I guess everybody is writing their 2020 in review posts, so I'll add to the noise (and hopefully a little of the signal) with mine.

Here are some things that happened, roughly in chronological order:

  1. Fasted on just water for three days (72 hours) for the first time
  2. Read a bunch of great books, including 4-Hour Workweek, which was super inspiring, and The ONE Thing, which also gave me a lot of motivation
  3. Started writing this blog (twice)
  4. Launched and ran Seven Day SaaS, a software-building jam
  5. Built a full-stack PDF-sharing SaaS with analytics, then stopped working on it before acquiring a single user
  6. Started (and stopped – thanks, COVID) a React meetup, and even got sponsered by a local recruiting firm
  7. Learned to work with technical recruiters
  8. Started writing daily, at first in private, and then in public (this blog)
  9. Hit the front page of HN for the first time (and then three more times)
  10. My wife gave birth to our first child, a healthy baby boy! Boy, parenthood is hard. I had no idea.
  11. Celebrated one year of being married to my best friend
  12. Built a front end for a product idea, also for one person (https://usebicycle.com) that I stopped working on after realizing the market was too competitive
  13. Started building a homeschooling platform, then stopped when I realized I didn't have the funds, nor did I wish to grow to that size
  14. Wrote a career advice for developers book in November in two weeks and sold 16 copies – my first dollar made online in years!
  15. Decided to stop working on SaaS products and focus on real estate

Stats

Total money made from side-projects in 2020: $400.

Total audience growth: 420.

Total audience: 697

Twitter following growth: ~300

Looking back

Overall, I'm disappointed that none of my projects achieved my goals, but I can feel a definite improvement in probability of success of my projects over time.

At first, the ideas I started working on were super unrealistic – I can see that now. Now, though, I'm beginning to actually make money from my projects.

I feel that my mental model of reality is improving slowly, and I'm learning more and more about business. In a way, it's encouraging to look back and see how many mistakes I made in my previous projects.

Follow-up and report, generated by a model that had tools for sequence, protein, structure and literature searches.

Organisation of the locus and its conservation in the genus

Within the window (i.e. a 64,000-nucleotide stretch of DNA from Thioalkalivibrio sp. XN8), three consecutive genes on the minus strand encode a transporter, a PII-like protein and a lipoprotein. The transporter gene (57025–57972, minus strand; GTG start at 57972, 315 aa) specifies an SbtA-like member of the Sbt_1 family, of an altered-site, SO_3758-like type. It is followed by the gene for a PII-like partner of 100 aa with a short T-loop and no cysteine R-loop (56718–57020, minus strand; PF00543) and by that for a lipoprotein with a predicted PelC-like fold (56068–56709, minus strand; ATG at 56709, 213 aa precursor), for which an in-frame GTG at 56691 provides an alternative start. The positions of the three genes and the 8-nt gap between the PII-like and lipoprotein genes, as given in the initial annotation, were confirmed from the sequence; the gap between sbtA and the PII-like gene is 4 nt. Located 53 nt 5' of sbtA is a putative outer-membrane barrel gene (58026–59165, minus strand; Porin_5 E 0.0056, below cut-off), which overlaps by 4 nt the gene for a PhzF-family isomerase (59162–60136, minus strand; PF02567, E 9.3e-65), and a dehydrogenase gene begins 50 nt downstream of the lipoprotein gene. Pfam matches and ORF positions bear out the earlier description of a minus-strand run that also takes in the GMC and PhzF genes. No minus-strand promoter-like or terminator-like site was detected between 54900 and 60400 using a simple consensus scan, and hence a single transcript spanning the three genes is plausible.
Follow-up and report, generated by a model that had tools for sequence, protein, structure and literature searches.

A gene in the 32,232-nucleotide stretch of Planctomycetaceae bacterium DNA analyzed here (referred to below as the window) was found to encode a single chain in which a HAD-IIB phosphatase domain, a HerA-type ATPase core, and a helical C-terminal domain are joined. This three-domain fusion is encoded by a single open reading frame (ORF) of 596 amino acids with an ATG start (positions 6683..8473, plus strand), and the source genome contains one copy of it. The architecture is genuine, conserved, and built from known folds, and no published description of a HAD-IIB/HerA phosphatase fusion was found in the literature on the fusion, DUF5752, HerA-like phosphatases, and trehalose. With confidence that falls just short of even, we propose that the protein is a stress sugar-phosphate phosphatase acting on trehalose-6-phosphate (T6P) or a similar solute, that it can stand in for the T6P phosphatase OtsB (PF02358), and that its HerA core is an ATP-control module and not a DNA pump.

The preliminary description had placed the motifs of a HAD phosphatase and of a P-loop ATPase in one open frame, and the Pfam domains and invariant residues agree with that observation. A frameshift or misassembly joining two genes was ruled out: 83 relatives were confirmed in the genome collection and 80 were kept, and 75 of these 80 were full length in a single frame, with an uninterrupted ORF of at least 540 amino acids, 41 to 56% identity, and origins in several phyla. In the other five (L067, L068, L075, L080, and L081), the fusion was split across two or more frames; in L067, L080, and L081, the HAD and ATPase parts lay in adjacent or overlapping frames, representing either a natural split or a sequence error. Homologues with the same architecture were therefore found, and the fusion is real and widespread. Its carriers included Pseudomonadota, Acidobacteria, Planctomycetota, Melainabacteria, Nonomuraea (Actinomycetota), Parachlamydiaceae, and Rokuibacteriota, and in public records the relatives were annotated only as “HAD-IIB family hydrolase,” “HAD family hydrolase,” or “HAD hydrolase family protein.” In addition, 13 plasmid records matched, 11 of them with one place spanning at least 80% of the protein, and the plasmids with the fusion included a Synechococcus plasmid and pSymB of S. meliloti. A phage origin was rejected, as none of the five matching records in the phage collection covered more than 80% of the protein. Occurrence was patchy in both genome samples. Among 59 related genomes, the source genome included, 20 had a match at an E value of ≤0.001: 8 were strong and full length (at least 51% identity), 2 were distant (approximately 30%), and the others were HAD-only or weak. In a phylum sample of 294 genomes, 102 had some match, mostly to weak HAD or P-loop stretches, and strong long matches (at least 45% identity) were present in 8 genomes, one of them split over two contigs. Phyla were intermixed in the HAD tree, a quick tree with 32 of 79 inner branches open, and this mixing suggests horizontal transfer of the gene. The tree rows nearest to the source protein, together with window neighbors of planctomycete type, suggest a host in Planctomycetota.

I know that I can only be making less and less mistakes as time goes on (although I'm always paving the way for new ones as I enter unfamiliar territory, of course).

At the same time, while it's definitely been a very chaotic year, I can't say that I'm too pleased with my overall achievements. I don't want to go too hard on myself, but at the same time I feel that I spent more time playing videogames and reading fiction than I should have.

However, most of the time I spent "lazing around" was shortly after the birth of my son, so I can't really beat myself up too much about that. It's been a period of huge adjustments – this is my first year, at twenty four, that I've spent living independent of my parents, with my wife, in a state of lockdown thanks to a global pandemic, with a child, and furnishing the apartment we live on.

Overall, this year was more about life progress than it was about business progress, and I think 2021 is definitely shaping up to be much better business-wise. The personal adjustments are slowing down and the house is starting to get into order (we finally put up curtains last week! yay!) and I'm getting other legal to-dos in order too (my son finally has insurance! I am completely financially decoupled from my parents!).

Lessons learned

There are three top contenders for "biggest learnings of the year".

1. Thinking probabilistically and making small bets